Herbert Singleton was born in the New Orleans district of Algiers. His art drew heavily on life in an inner-city neighborhood and comprehensively addressed themes of racial injustice and the rich African American cultural traditions of his region. Singleton started carving at age 17, in the 1970s, making canes and relief carvings on old doors, cabinets, and driftwood.
This vernacular artist, whose walking sticks, sculptures and bas-relief panels form part of most major collections of contemporary Southern folk art in the US (and also appear in the Collection de Art Brut in Lausanne, Switzerland).
The subjects of Singleton's wood panels include depictions of street life in Algiers: the black struggle, New Orleans jazz funerals and biblical stories. Their simple, cartoon-like figurations convey irony and humor as well as stark emotions.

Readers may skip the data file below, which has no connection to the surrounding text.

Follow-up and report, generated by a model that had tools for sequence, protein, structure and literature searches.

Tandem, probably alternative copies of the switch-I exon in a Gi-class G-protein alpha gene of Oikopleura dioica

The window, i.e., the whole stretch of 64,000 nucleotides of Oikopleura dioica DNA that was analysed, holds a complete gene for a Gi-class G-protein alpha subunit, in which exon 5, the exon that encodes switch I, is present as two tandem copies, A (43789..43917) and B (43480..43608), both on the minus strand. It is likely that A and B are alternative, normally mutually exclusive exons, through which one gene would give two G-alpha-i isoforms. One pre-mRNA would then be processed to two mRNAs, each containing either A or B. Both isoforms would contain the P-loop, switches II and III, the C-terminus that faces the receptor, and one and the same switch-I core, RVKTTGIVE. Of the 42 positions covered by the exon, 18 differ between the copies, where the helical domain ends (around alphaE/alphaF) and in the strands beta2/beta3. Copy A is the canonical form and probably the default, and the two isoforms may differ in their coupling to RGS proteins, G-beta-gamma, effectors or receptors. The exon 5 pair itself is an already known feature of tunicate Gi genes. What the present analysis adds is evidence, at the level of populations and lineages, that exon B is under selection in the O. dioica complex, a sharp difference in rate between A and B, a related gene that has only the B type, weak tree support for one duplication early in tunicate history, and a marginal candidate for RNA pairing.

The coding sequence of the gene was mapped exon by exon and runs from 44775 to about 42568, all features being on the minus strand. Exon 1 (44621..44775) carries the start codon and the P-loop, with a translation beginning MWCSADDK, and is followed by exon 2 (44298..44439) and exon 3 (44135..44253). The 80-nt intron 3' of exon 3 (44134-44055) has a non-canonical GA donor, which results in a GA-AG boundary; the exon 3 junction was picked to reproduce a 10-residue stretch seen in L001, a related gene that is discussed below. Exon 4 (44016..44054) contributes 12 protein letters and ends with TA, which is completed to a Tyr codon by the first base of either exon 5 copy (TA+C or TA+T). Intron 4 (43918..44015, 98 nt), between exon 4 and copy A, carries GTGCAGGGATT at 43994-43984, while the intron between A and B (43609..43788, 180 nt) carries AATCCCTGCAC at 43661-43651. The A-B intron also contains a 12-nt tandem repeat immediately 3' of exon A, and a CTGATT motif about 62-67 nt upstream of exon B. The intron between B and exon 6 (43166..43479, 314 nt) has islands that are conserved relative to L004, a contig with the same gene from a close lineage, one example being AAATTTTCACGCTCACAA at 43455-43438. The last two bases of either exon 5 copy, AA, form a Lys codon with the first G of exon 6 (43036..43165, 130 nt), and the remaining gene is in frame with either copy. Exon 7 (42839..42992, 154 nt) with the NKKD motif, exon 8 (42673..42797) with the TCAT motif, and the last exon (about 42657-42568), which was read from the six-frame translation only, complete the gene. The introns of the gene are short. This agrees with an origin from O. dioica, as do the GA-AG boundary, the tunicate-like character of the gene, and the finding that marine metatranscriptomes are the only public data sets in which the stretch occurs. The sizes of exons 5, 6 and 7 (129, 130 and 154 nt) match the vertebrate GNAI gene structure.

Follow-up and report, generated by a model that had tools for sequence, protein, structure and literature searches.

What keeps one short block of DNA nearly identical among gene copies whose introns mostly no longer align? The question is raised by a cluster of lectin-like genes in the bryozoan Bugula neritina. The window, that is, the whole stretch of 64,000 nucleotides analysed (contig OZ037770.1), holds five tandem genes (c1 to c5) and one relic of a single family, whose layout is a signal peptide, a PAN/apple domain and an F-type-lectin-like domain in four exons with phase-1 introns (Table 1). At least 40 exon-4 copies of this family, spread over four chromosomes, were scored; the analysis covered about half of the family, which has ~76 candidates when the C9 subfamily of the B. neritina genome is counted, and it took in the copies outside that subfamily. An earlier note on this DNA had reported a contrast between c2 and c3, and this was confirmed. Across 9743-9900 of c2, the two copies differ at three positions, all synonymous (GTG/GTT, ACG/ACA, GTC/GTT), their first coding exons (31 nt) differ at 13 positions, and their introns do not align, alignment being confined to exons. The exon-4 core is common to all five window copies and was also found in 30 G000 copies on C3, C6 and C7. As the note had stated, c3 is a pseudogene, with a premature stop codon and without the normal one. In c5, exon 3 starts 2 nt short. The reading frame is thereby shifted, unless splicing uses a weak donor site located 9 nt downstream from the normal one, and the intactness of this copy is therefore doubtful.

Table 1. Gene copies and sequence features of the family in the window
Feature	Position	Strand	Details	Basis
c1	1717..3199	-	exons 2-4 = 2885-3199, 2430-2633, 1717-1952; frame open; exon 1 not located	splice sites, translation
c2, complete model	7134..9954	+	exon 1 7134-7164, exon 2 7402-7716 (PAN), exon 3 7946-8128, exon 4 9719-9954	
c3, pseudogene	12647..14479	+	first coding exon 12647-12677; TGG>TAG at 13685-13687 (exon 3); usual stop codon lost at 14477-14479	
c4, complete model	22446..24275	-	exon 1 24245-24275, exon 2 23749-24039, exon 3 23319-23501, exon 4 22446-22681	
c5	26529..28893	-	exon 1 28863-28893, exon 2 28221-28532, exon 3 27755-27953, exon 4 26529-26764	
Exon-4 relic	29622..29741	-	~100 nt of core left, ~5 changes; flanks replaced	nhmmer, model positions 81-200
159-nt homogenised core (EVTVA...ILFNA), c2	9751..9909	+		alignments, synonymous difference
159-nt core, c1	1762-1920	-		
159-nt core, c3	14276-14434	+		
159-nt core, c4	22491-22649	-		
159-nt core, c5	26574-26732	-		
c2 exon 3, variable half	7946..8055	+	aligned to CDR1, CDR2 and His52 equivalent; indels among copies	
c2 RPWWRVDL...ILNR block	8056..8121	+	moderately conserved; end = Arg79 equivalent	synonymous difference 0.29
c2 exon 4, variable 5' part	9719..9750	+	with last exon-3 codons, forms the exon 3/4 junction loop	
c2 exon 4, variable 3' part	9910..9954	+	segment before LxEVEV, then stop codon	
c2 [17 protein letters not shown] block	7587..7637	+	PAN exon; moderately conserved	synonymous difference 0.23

Singleton has spent nearly 14 of his 58 years in prison, most of them in the Louisiana State Penitentiary at Angola, a former plantation once worked by African slaves. Two .38 bullet wounds testify to his violent past.
He deflected questions about talent or inspiration, saying, "People make out that my art is some kind of great thing, but for me it ain't no big deal -it pays the bills."
After Hurricane Katrina left him fragile and suffering from exposure and dementia, he later died in 2007 from systemic failure and cancer.